The implications of these observations are significant. As it turns out, mitigating volatility may not have a materially detrimental effect on performance over time, if at all. In addition, it may not be necessary to analyze all of high yield in order to identify a portfolio which can outperform the index if one knows how to narrow the universe to reasonable investment candidates. Indeed, we’ve long held that not trying to “boil the ocean” with representation from every sector can deliver a more consistent and attractive risk profile.

One important caveat here is that Zeo does not rotate between sectors based on economic views. We are not deciding to invest in sectors first and companies second. We invest in companies first and always. As a result, as readers who have watched our portfolio for a long time will recognize, our sector representation tends to be fairly consistent. Even so, it also tends to be fairly low volatility. Exhibit C and D in the Appendix show the concentration of our portfolio in each sector found in Exhibit A. What these tables show is that, regardless of our duration mandate, our fundamental research naturally prefers those sectors which have below average standard deviations.

Unfortunately for those readers who have already started looking into launching a high yield bond fund by just filtering out high volatility sectors, this is not the full story. There is still a significant amount of risk in a filtered broad market portfolio with unmanaged duration, and there is a lot of work which must go into security selection to separate the wheat from the chaff. But an approach which aims to mitigate volatility and deliver strong risk-adjusted returns is not necessarily making a performance trade-off relative to unmanaged indices. Even so, it can potentially deliver a risk profile which might be most appropriately labeled a HYINO – High Yield In Name Only.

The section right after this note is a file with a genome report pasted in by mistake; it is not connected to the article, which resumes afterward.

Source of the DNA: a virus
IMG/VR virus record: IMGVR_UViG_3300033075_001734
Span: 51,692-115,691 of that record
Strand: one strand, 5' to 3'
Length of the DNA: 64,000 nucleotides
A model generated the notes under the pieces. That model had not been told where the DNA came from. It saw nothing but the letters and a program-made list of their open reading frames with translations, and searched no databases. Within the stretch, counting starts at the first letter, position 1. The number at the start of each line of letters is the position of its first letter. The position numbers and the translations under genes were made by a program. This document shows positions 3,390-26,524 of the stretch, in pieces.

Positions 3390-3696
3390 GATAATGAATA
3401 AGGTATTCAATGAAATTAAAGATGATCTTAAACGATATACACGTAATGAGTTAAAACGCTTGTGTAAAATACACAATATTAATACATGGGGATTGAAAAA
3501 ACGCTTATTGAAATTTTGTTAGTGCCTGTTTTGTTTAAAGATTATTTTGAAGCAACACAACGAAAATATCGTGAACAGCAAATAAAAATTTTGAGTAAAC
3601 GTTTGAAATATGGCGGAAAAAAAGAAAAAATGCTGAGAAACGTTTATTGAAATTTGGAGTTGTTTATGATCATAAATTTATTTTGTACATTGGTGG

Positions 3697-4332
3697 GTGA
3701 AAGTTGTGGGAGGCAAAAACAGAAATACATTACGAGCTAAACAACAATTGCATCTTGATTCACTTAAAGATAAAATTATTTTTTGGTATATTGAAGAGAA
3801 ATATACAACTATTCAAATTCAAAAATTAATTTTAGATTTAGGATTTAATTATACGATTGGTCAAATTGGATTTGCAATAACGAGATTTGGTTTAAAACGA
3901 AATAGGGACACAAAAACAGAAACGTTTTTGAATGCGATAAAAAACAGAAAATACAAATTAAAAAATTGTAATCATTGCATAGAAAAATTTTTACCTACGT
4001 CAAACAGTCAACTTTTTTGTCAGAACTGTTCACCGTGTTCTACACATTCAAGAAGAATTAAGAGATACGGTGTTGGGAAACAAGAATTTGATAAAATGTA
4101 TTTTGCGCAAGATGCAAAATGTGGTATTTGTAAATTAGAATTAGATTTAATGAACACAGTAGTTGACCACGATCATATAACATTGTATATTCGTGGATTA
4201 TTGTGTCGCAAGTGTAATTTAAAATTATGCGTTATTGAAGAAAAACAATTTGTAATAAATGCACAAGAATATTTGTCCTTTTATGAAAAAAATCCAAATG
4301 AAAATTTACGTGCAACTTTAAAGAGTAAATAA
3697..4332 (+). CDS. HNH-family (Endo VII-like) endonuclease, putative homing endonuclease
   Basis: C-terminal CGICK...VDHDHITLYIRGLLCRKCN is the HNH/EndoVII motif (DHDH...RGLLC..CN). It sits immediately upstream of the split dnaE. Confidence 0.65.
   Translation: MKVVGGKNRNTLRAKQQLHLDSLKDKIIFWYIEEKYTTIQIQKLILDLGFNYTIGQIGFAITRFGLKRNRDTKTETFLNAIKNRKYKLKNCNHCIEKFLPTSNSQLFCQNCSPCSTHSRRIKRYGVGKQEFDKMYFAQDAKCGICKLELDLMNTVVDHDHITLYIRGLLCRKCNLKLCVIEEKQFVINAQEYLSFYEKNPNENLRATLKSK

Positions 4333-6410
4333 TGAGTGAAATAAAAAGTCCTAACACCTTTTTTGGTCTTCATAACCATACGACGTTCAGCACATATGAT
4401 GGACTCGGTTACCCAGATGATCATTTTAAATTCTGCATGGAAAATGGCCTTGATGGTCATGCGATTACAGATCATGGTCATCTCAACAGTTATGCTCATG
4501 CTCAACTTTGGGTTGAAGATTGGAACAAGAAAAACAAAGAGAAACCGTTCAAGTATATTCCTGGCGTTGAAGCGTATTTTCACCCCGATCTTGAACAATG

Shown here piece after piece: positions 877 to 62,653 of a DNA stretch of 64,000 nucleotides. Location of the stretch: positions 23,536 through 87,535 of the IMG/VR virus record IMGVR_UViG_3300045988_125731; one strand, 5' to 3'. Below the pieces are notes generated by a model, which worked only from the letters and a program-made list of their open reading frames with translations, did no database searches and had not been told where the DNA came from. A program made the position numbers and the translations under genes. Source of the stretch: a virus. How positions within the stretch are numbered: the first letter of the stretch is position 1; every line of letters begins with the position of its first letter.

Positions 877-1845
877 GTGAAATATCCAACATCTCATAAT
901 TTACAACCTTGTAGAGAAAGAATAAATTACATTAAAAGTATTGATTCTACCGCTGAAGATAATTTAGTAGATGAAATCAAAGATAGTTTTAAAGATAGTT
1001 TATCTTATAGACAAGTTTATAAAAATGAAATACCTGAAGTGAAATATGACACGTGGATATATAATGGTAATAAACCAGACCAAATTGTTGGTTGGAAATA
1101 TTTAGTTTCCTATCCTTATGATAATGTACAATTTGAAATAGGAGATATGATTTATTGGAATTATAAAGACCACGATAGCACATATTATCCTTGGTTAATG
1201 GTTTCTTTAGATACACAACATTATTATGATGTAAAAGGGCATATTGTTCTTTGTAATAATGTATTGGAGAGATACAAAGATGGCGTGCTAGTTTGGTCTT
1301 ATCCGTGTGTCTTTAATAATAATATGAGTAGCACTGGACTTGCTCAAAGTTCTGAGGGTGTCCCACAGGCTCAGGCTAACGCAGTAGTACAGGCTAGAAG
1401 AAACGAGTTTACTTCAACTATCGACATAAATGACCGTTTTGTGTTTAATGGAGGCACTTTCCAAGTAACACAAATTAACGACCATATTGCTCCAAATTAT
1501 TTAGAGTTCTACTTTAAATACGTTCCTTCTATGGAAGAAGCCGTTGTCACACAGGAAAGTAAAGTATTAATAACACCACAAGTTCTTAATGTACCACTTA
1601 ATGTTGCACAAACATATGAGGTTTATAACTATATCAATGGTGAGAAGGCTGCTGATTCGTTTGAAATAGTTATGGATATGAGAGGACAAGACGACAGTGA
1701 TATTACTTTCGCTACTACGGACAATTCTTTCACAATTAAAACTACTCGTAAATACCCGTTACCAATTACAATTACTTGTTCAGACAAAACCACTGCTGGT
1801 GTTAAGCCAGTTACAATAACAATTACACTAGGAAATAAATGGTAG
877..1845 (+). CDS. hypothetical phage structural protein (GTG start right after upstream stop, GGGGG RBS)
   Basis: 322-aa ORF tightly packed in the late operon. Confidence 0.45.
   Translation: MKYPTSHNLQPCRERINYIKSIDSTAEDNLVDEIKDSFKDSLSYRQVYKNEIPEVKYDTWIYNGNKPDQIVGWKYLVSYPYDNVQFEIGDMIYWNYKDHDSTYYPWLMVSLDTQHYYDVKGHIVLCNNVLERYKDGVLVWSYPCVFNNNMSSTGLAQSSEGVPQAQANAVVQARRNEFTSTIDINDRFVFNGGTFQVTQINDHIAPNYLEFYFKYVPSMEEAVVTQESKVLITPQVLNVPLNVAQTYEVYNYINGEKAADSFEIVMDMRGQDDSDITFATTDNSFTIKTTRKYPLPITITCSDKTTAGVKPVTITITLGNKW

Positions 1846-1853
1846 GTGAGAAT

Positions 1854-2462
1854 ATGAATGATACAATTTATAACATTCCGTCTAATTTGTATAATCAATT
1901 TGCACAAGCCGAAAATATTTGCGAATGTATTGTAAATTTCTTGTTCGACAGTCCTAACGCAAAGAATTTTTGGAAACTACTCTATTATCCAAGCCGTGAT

We at Zeo believe to our core that our clients are better off if we remain true to our foundational firm philosophies: to be consistent, transparent and intentional. Many of you have been reading our writing for some time now. We have discussed throughout the years the dynamics of our strategies. We have been forthcoming about the scenarios in which our approach may outperform and when one should expect it to be “good enough” so that we may lie in wait for the environment in which our strategies can shine. We believe the current environment, now and looking forward for the next several years, is that time.



Exhibit A

Broad Market High Yield 3-Year Standard Deviations By Sector

Exhibit A: 3-year standard deviation by sector in high yield market based on Bloomberg Barclays US Corporate High Yield Bond Index from 6/29/2018 to 6/30/2021. (Source: Bloomberg Finance L.P.)


Exhibit B

Exhibit B: Overall and filtered statistics represent aggregated data based on actual weightings and performance for the same period.


Exhibit C

Zeo Short Duration Income By Sector (as of 6/30/2021)

Exhibit C: Current portfolio breakdown of Zeo Short Duration Income Strategy by sector, grouped by broad market high yield 3-year standard deviations (Sources: Zeo Capital Advisors, Bloomberg Finance L.P.) [Note: Portfolio data taken from largest account managed according to the strategy.]


Exhibit D

Zeo Duration Unconstrained Credit By Sector (as of 6/30/2021)

Exhibit D: Current portfolio breakdown of Zeo Duration Unconstrained Credit Strategy by sector, grouped by broad market high yield 3-year standard deviations (Sources: Zeo Capital Advisors, Bloomberg Finance L.P.) [Note: Portfolio data taken from largest account managed according to the strategy.]


Important Disclosure Information

Zeo Capital Advisors is a fundamental investment manager with a short-duration credit mutual fund, a sustainable high yield mutual fund and separately managed accounts. Venk Reddy authored this piece and is the Chief Investment Officer and founded Zeo Capital Advisors in 2009.

For more information contact Zeo directly at 415-875-5604 or visit